European gas prices were up yesterday, supported by Gazprom’s decision to suspend gas deliveries to Dutch operator GasTerra as of 31 May after the company refused to comply with the new ruble payment mechanism.
GasTerra, which buys and trades gas on behalf of the Dutch government, said it had contracted elsewhere for the 2 Bcm of gas it had expected to receive from Gazprom between now and 1 October 2022, the date on which the contract ends.
Higher gas demand from power generators due to lower wind generation and the rise in coal prices (+0.21% for API2 1st nearby prices, +2.78% for Cal 2023 prices) also provided support.
On the pipeline supply side, Norwegian flows rebounded yesterday, averaging 327 mm cm/day, compared to 306 mm cm/day on Friday. Russian flows were stable, at 209 mm cm/day on average.
At the close, NBP ICE June 2022 prices increased by 12.550 p/th (+8.18%), to 165.910 p/th, equivalent to €66.460/MWh. TTF ICE June 2022 prices were up by €1.11 (+1.28%), closing at €87.987/MWh. On the far curve, TTF ICE Cal 2023 prices increased by 55 euro cents (+0.70%), closing at €79.150/MWh.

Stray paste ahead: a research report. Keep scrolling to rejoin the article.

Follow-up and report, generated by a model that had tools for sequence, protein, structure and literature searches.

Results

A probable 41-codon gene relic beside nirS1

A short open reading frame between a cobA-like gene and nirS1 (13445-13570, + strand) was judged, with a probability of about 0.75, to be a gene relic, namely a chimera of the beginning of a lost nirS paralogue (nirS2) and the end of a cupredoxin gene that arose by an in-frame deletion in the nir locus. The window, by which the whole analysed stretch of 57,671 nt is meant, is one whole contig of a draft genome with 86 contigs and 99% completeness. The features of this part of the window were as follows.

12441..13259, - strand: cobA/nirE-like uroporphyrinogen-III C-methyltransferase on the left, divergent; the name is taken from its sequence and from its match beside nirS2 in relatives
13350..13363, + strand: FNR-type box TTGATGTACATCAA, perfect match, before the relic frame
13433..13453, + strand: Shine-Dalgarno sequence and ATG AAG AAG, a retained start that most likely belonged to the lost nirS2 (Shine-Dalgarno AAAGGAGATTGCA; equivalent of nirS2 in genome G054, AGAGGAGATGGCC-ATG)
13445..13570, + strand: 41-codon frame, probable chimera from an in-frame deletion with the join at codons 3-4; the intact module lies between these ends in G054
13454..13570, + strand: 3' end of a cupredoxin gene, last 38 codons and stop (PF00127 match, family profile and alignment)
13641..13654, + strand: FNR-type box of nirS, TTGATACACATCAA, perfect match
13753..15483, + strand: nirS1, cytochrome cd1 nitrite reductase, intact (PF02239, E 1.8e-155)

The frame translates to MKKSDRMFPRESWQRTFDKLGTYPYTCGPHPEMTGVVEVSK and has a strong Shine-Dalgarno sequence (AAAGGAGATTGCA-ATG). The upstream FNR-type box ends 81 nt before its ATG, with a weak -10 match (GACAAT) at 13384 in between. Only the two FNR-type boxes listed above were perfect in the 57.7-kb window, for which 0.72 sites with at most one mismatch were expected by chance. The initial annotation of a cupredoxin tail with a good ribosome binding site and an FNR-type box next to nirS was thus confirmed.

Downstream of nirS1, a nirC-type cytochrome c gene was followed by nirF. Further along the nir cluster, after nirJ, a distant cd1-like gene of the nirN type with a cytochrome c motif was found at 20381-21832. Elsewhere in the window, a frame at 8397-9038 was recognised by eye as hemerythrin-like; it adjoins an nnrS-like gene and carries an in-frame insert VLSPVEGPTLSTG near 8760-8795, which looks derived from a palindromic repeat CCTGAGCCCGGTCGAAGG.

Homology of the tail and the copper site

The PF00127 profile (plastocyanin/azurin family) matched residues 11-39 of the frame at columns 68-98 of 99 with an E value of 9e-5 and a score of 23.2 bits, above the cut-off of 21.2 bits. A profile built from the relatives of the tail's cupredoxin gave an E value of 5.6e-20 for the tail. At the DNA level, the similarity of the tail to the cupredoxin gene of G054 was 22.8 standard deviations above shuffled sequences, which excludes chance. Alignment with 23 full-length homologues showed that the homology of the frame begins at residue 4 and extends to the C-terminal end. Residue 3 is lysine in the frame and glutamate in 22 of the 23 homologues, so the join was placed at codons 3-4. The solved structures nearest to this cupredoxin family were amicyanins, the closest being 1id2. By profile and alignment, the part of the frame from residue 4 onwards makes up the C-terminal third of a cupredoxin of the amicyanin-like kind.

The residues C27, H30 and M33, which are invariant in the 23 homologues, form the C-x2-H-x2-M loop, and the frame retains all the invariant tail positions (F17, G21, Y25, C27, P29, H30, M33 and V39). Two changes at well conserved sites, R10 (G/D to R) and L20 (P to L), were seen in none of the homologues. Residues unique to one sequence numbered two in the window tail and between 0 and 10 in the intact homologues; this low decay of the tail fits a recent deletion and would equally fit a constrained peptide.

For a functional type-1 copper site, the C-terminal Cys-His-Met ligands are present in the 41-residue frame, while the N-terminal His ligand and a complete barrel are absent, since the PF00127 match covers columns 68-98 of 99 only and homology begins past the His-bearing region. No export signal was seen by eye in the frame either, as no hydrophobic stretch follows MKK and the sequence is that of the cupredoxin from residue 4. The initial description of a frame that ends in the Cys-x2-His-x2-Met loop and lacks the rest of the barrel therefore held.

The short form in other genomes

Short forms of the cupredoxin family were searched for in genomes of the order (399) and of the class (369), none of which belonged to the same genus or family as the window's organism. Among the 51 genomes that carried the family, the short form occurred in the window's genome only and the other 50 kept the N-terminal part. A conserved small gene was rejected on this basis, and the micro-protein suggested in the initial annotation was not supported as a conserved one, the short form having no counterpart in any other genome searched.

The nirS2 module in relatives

In Asia, JKM spot prices increased by 5.14%, to €78.821/MWh.
For their last day of trading, TTF ICE June 2022 prices closed above the 5-day average yesterday, confirming the (slight) uptrend. This morning, July 2022 prices continue this bullish trend.
But, with the main fundamental supports (Asia JKM prices, coal switching prices) at much lower levels, the upside potential could be limited. In this context, the R1 level (€92.94/MWh for today) should oppose a strong resistance.
On TTF Cal 2023 too, the R1 level (€80.78/MWh for today) should oppose a strong resistance.